Seven years later, in 1977, my parents had to decide where to send my little brother, Kenny, for Bar Mitzvah preparation. I came clean and told them about my adventures in Hebrew School, stories I had never shared with them before. I was able to convince them to find another option to prepare Kenny for his Bar Mitzvah. They were able to find a tutor, Mr. Murmelstein, who would drive to their house once a week to teach Kenny Hebrew, Torah, and eventually his haftorah. Murmelstein was a terrible driver and often parked his Oldsmobile Gas Guzzler on the grass or on the sidewalk. He was filled with enthusiasm and quirks, including asking my parents every week for something different to eat. Yet, at least there was no bus and it was only an hour a week anyway.

When the lessons started, Kenny didn’t seem to care as he just went through the motions, listening and doing the least homework he could. But as the weeks and years continued, Kenny started to learn Hebrew, listened to some fascinating stories from the Torah, and began to care about Jewish studies. It wasn’t as exciting as baseball, basketball, or the latest record albums but it became intriguing to him, a challenge. He became fond of Murmelstein and Murmelstein liked him.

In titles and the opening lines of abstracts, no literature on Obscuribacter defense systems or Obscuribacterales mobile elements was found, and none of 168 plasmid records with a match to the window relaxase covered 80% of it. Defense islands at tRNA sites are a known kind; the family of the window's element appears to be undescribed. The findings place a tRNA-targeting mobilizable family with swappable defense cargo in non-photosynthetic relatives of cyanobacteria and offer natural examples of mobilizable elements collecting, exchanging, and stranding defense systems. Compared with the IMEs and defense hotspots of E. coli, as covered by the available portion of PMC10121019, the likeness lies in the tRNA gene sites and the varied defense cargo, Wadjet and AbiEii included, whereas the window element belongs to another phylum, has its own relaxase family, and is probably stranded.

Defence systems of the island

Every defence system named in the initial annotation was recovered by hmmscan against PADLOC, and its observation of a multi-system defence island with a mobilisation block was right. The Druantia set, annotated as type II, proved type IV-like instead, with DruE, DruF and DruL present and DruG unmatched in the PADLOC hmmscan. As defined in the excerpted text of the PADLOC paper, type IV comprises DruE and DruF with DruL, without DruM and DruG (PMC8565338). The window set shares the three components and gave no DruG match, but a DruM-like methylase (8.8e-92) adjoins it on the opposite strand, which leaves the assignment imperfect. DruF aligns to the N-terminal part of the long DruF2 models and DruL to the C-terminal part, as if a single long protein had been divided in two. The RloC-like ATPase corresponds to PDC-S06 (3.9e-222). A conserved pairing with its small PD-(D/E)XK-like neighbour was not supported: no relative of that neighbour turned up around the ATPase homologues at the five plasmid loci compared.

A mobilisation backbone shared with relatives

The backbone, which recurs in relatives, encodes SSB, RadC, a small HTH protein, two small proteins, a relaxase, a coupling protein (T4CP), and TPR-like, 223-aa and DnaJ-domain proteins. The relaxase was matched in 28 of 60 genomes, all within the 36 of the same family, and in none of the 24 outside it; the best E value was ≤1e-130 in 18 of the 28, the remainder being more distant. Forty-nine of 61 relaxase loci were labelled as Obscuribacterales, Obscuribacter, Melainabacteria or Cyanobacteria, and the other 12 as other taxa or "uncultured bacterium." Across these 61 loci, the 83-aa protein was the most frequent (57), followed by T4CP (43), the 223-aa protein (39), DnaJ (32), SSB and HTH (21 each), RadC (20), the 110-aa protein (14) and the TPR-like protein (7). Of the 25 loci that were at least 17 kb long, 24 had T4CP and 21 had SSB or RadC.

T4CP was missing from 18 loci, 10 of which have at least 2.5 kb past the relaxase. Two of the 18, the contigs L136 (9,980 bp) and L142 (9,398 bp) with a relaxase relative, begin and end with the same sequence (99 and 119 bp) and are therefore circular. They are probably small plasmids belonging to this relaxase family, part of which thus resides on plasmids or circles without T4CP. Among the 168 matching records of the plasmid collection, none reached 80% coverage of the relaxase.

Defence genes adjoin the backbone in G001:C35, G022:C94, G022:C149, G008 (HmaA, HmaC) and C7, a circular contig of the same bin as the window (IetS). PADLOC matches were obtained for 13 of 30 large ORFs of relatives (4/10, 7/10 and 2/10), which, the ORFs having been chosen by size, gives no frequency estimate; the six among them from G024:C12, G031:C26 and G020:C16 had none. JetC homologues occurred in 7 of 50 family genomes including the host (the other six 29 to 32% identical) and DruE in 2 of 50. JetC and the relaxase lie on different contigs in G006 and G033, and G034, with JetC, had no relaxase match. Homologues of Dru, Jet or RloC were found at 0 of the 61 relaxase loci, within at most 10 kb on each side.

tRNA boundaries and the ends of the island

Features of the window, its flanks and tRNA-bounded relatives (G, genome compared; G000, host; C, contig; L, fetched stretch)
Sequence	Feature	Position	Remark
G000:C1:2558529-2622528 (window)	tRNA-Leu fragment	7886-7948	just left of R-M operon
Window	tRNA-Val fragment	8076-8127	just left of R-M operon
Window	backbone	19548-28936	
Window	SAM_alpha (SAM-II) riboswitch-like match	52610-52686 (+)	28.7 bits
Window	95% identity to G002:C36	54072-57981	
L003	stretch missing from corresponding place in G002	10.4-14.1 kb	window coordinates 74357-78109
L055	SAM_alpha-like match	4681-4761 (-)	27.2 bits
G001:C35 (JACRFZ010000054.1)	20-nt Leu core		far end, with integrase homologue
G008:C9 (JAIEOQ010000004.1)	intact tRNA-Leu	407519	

When Kenny eventually rose to the bimah at Congregation Beth Abraham Hillel Moses, he read fluently with a beautiful voice that still hadn’t crossed over to puberty.

I think now of the number of hours Kenny was able to not spend in Hebrew School but instead with his friends, playing basketball, trading baseball cards, riding bikes. When I came over my parents’ house, instead of watching Kenny jump on a bus, we played ping pong together, threw balls in a game of catch in the backyard, or sat on the lawn or in the basement, playing checkers.

I realize now that when I came out of my self-centered world and told my parents not to send Kenny to Hebrew School, I actually performed a good deed.

When a child lives until he’s only thirteen and a half, every hour, every minute takes on more meaning. It becomes precious.

When I now review the years I’ve lived, I can reflect with some deeper satisfaction. I realize that giving Kenny those few extra hours may have been the greatest gift of my entire life, my most sacred mitzvah.


From Five Fathers

Copyright 2006

By Arnie Goldman

BookSurge, LLC


Congregation Beit Kodesh